Q. Good afternoon, sir.

THE PRESIDENT. Good afternoon.

Q. I am Larry Goldman from Philadelphia. I would like to know—I would like to touch on the Iran hostage crisis. Will you continue—number one, will you continue your sanctions against Iran, and what will your next steps be against them?Do you have a date for military actions? And how come such a few number of helicopters were used in the rescue attempt?

THE PRESIDENT. Thank you very much, Larry.

I will continue the sanctions against Iran. Up until this time we have stood practically alone in the implementation of sanctions. A few other nations have joined us. Many have withdrawn their Ambassadors and their diplomatic staff from Iran in protest against what Iran has done. They were condemned unanimously by the United Nations Security Council on two occasions, and the International Court of Justice, the so-called World Court, also ruled that Iran had violated international law in a very serious manner.

I don’t have a specific date after which I will take advantage of the other options available to us. Military options are going to be kept for use if necessary. My preference has always been that we resolve this crisis in a peaceful fashion, and that’s my hope and expectation in the future.

On the 17th of this month our other major allies, Japan and the European countries and Canada, for instance, have decided to impose economic sanctions against Iran similar in nature, not quite so far reaching, as those that we have imposed ourselves. We’d like to convince Iran not only that they are hurting us by keeping innocent people kidnap victims, but also they are hurting themselves.

When we began to study a possible rescue operation back in November of last year, it was obvious to us the difficulty that would be involved. It’s a rare thing when helicopters of any kind have to fly 600 land miles, more than 500 nautical miles, nonstop. Ordinarily helicopters fly about 100 miles at the time. These helicopters were designed originally as minesweeping helicopters. They’re very reliable. They operate over the water, as you can see, and they have a fairly extensive range. We only needed fix helicopters to go into Tehran and to help remove the hostages and the rescue team. But we had to have at least that many. So, from the U.S. carrier the Nimitz, we launched the eight helicopters, having two extra ones above and beyond what we anticipated needing.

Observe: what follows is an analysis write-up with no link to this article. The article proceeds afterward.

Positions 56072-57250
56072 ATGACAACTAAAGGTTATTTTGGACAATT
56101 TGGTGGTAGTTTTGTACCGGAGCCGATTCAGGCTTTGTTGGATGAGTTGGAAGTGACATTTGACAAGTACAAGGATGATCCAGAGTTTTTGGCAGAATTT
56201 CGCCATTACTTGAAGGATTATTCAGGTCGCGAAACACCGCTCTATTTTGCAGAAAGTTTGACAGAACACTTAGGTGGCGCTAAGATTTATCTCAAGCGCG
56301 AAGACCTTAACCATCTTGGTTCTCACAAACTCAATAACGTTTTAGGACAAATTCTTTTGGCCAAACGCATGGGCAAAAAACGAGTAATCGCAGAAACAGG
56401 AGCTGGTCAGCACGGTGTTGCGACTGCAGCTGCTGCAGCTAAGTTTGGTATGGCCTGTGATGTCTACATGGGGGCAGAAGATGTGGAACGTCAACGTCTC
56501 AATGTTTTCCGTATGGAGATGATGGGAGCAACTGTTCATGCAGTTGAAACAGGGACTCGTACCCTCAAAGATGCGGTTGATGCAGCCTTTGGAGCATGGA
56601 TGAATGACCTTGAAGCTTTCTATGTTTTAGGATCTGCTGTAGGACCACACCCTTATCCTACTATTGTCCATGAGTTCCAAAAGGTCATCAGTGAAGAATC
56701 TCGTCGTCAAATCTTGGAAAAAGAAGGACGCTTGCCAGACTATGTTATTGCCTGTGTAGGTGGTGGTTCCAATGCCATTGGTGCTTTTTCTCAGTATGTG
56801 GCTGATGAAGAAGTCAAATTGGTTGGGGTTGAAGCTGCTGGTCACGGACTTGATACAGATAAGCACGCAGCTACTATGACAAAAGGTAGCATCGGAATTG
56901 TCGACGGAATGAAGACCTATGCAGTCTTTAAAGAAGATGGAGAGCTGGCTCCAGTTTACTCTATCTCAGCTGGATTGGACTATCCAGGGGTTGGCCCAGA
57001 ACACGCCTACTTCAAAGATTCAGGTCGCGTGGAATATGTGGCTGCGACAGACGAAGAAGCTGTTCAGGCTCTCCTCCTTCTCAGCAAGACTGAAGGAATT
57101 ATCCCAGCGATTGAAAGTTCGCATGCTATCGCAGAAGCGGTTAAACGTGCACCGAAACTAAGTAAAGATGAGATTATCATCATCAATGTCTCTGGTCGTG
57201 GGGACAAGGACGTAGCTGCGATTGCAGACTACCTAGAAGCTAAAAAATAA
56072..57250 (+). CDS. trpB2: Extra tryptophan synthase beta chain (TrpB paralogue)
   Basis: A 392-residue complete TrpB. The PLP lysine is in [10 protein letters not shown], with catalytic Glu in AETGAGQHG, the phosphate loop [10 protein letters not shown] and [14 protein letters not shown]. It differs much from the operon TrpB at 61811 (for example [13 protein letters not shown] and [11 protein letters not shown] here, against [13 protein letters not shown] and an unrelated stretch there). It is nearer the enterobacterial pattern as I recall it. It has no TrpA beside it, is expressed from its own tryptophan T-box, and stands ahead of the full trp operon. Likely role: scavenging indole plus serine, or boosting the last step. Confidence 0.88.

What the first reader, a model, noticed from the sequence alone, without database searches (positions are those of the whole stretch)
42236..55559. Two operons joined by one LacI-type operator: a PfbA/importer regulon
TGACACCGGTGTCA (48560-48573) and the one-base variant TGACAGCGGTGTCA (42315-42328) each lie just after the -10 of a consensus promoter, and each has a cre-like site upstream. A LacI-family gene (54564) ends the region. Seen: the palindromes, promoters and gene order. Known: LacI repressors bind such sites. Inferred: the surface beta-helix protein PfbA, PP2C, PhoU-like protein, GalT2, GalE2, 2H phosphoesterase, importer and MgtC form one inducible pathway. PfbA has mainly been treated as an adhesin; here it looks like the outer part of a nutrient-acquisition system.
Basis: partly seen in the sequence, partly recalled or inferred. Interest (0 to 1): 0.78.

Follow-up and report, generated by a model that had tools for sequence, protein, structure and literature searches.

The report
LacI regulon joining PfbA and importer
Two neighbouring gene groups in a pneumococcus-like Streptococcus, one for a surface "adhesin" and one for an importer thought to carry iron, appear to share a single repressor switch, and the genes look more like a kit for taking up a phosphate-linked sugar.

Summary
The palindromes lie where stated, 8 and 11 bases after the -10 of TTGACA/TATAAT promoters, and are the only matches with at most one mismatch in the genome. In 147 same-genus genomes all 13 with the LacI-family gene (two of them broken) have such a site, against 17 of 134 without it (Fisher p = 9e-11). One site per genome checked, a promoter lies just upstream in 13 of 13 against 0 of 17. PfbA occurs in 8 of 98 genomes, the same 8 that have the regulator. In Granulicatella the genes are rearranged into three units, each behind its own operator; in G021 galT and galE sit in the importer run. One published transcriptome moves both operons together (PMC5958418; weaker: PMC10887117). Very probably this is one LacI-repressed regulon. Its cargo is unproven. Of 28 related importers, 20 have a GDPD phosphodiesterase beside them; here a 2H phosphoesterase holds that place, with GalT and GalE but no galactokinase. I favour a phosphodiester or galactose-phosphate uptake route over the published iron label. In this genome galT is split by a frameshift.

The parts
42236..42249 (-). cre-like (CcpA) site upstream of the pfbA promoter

We had a very unpredictable and heartbreaking series of coincidences that caused the termination of this rescue attempt. We had an unanticipated, very severe sandstorm that turned one of the helicopters back to the Nimitz. That same sandstorm forced down two helicopters that had to stay on the ground and be left by the others for more than 30 minutes, and we had two helicopters that developed mechanical difficulties.

It’s impossible on a secret mission like this, where you had to go all the way across 500 miles of Iran without being detected and then stay overnight without being detected, to refuel without being detected, to take in the rescue team without being detected. It’s a serious problem if you start trying to add extra planes or extra helicopters.

We thought that two extra ones would be plenty. We never dreamed that we would have three helicopters go out of commission. We had practiced different elements of the rescue mission in this country, both in the North Carolina area and out in the desert, similar to Iran territory, more than 25 times, and this was a surprise to us, a heartbreaking surprise to us. I have no doubt that the mission would have been successful had it been able to go ahead, but we could not anticipatethe sandstorms nor the breakdown in the helicopters. It was just one of those streaks of bad luck. And we could not have added twice as many helicopters, because the operation would have been much too complicated. You have to remember that every helicopter that went in had to have fuel brought in by C-130’s in the middle of the night in a desert, not on an airport, and transferred.

So, we wanted to keep the operation secret and simple and incisive. We were just plagued by bad luck.

Q. Thank you, sir. Good luck.

THE PRESIDENT. I wish now we had had another helicopter, but I didn’t know ahead of time.

Q. Thank you very much.



Q. Mr. President, my name is Charles Cutler. Before I ask my question, I’d like to say that I think you’ve done a marvelous job in a very, very difficult set of circumstances over the last 3 1/2 years. I don’t think it’s very often that people off the street, like myself, get a chance to say thank you, but I sincerely appreciate the great effort you’ve given all of us in your time as President.